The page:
Do not judge, and you will not be judged. In the same way you judge others, you will be judged, and the measure you use for others will be used for you. Why do you look at the speck in your brother’s eye, and not see the plank in your own eye?

How can you say to your brother, “Come, let me take the speck from your eye,” as long as that plank is in your own? Hypocrite, take first the plank out of your own eye, then you will see clearly enough to take the speck out of your brother’s eye.

Tuesday, 22 April 2014 : Tuesday within Easter Octave (First Reading)

Liturgical Colour : White

Acts 2 : 36-41

Peter said, “Let Israel then know for sure that God has made Lord and Christ this Jesus whom you crucified.”

When they heard this, they were deeply troubled. And they asked Peter and the other apostles, “What shall we do, brothers?”

Peter answered : “Each of you must repent and be baptised in the Name of Jesus Christ, so that your sins may be forgiven. Then you will receive the gift of the Holy Spirit. For the promise of God was made to you and your children, and to all those from afar whom our God may call.”

With many other words Peter gave the message and appealed to them saying, “Save yourselves from this crooked generation.” So those who accepted his word were baptised; some three thousand persons were added to their number that day.

Thursday, 20 March 2014 : 2nd Week of Lent (Scripture Reflections)

Liturgical Colour : Purple/Violet

Brothers and sisters in Christ, we are introduced today to an important catechesis of the faith, that is on the fate of our soul, when we go to the afterlife after our life in this world ends. And it was made clear to us by the story of Lazarus and the rich man, to show the contrast between the two fates that are possible for all of us.

Nevertheless, I would like to warn all of you first to be very careful in reading and understanding this part of the Gospels, as it is easy to be misunderstood and misrepresented, as if Jesus is advocating a sort of class war or conflict between the poor and the rich. And neither should we equate poverty with salvation and riches with damnation. Not all poor will end up in eternal joy, and many rich ones will also be saved.

In order to truly understand the meaning behind the passage, we have to understand the context behind Jesus’ teaching of the parables to His students. At the time of Jesus, and as it is similar in our world today, the divide and gap in the society in terms of wealth and affluence was very pronounced, and the rich ones were very rich with great excess, while the poor was very poor, having almost nothing on themselves.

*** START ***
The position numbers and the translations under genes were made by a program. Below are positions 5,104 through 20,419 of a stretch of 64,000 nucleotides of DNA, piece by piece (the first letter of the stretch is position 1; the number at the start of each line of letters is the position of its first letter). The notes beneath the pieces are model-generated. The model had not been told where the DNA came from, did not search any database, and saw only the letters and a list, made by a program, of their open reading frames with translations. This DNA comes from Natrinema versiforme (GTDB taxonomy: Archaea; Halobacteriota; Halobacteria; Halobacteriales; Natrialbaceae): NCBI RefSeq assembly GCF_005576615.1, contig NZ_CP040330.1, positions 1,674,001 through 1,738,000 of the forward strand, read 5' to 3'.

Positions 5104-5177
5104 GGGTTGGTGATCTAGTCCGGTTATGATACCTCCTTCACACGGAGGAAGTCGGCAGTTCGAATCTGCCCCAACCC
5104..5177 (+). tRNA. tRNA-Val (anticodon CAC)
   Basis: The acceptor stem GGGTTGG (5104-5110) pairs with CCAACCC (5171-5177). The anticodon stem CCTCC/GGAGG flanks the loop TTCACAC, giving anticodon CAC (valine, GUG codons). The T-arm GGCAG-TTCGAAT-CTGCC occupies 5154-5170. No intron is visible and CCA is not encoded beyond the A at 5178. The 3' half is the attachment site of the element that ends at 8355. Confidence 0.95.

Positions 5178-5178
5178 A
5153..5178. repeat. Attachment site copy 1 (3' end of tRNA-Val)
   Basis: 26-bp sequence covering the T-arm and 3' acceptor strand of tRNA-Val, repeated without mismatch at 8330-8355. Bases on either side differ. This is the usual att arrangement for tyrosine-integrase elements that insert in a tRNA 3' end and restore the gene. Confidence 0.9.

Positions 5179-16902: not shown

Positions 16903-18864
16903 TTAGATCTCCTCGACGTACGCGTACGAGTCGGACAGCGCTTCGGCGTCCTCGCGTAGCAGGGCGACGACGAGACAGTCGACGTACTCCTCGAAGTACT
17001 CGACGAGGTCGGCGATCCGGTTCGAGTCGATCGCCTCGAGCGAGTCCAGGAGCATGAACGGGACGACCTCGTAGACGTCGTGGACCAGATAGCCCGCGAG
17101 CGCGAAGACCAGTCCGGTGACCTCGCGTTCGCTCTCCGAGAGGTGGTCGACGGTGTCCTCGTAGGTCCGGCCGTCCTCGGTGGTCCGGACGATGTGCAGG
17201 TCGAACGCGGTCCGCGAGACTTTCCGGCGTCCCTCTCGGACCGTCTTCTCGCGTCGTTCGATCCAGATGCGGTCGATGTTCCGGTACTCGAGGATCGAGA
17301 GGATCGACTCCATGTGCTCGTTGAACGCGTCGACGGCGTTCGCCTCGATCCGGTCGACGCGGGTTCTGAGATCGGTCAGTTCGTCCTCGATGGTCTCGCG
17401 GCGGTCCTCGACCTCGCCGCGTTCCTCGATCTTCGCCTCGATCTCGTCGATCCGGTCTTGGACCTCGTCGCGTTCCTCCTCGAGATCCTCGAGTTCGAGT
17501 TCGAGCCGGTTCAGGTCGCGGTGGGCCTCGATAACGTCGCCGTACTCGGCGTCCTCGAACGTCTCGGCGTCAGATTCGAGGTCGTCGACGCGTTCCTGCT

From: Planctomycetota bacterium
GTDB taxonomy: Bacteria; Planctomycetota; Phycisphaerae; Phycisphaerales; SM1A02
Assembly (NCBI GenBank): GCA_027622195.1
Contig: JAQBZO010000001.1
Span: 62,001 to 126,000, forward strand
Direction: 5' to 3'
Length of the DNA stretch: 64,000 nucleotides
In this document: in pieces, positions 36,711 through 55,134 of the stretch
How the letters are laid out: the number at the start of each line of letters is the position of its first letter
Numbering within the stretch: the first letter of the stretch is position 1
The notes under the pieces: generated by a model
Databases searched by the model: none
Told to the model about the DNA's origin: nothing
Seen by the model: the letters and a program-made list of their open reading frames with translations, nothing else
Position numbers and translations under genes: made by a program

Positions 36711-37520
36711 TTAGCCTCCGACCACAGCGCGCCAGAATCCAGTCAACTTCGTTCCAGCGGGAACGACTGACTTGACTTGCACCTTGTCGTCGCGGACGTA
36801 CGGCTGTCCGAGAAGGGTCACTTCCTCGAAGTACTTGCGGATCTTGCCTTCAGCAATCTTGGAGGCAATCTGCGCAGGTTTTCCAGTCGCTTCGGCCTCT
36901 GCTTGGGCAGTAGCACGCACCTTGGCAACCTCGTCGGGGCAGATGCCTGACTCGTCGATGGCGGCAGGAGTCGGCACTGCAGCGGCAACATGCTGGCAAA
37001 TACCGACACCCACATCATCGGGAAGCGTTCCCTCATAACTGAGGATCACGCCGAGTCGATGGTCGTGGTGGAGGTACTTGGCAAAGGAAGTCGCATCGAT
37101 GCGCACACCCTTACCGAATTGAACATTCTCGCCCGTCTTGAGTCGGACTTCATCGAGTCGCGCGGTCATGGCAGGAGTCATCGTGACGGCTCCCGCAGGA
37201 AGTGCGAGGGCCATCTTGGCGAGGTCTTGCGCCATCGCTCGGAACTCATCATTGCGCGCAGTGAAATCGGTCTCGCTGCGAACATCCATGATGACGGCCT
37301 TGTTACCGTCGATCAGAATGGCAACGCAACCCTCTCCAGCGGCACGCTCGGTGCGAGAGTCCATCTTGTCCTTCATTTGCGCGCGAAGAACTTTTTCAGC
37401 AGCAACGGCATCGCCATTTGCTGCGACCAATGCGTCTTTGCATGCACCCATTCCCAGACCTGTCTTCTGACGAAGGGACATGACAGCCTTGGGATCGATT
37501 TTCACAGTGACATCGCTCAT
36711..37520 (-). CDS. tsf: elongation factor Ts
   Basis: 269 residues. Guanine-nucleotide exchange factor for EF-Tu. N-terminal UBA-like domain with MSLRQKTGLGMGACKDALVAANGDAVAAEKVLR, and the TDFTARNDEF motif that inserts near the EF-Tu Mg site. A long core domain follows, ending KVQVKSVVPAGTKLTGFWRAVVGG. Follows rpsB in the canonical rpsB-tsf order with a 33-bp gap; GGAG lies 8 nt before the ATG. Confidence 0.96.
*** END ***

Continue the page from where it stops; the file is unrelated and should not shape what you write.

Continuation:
Thus, it is easier for Jesus to teach the people, if He said them in a manner which can be easily understandable to the people, and hence His choice of characters and the story, to highlight the disparity between the two. Lazarus the poor man had nothing, and sat down in front of the rich man’s mansion hoping that the rich man would spare him some food from his table.

The rich man spared him nothing, and continued to live in splendour and great excess, partying day after day without any concern for those who were less fortunate than him. So that is why, after he died, the Lord gave him his due that is hopelessness, and eternal suffering in hell, to suffer with the devil and his fellow fallen angels.

Meanwhile Lazarus was welcomed into heaven, to enjoy forever the fruits of God’s love, to enjoy the food of everlasting life and he will no longer experience hunger, unlike what he had to go through in life. This is certainly what we all want as well. After all, who will choose hell over heaven? Nobody wants suffering, because we all want happiness.

This certainly should have taught us a good lesson, that if we forget to do what is expected from us by God, then we will be judged and deemed unworthy of heaven. Remember, brethren, that the wealth and possessions that we have is a gift for us, and it is not evil. There is nothing wrong in fact with people having more wealth than others.

However, wealth itself is neutral, but it can be used for either good or bad purposes. Like the rich man, who ignored the plight of Lazarus, he failed to utilise his abundance for a good purpose, and thus he was judged against. He failed to love another mankind, and therefore this ignorance spoke out against him when he is judged by the Judge of all life.

What is of concern to us is regarding the culture of waste and excess that often permeates in our society, and we often do not think about those who do not even have enough. We often consume more than what we need, even to the point of gluttony. We forget that the excesses can be given to those who have little and none that they may have enough.

Therefore, brothers and sisters in Christ, as we reflect on the story of Lazarus and the rich man, that we may from now on consider our own lifestyle, whether we have been charitable to those who have little or none, giving up our excesses to them, so they too can enjoy together with us. Being rich is fine, brothers and sisters, but just make sure that we keep our less fortunate brethren in mind! God bless. Amen.

Sunday, 23 February 2014 : 7th Sunday of Ordinary Time (Scripture Reflections)

Liturgical Colour : Green

Brothers and sisters in Christ, Jesus taught us the truth about God’s laws, as revealed first through Moses, which the people had often misinterpreted and took it at the face value and keep it just at that. Many failed to see the true intention of God’s laws and ordinances, and their true purpose. God did not intend for His laws to punish or pressure His people with burden, because He intended His laws for love.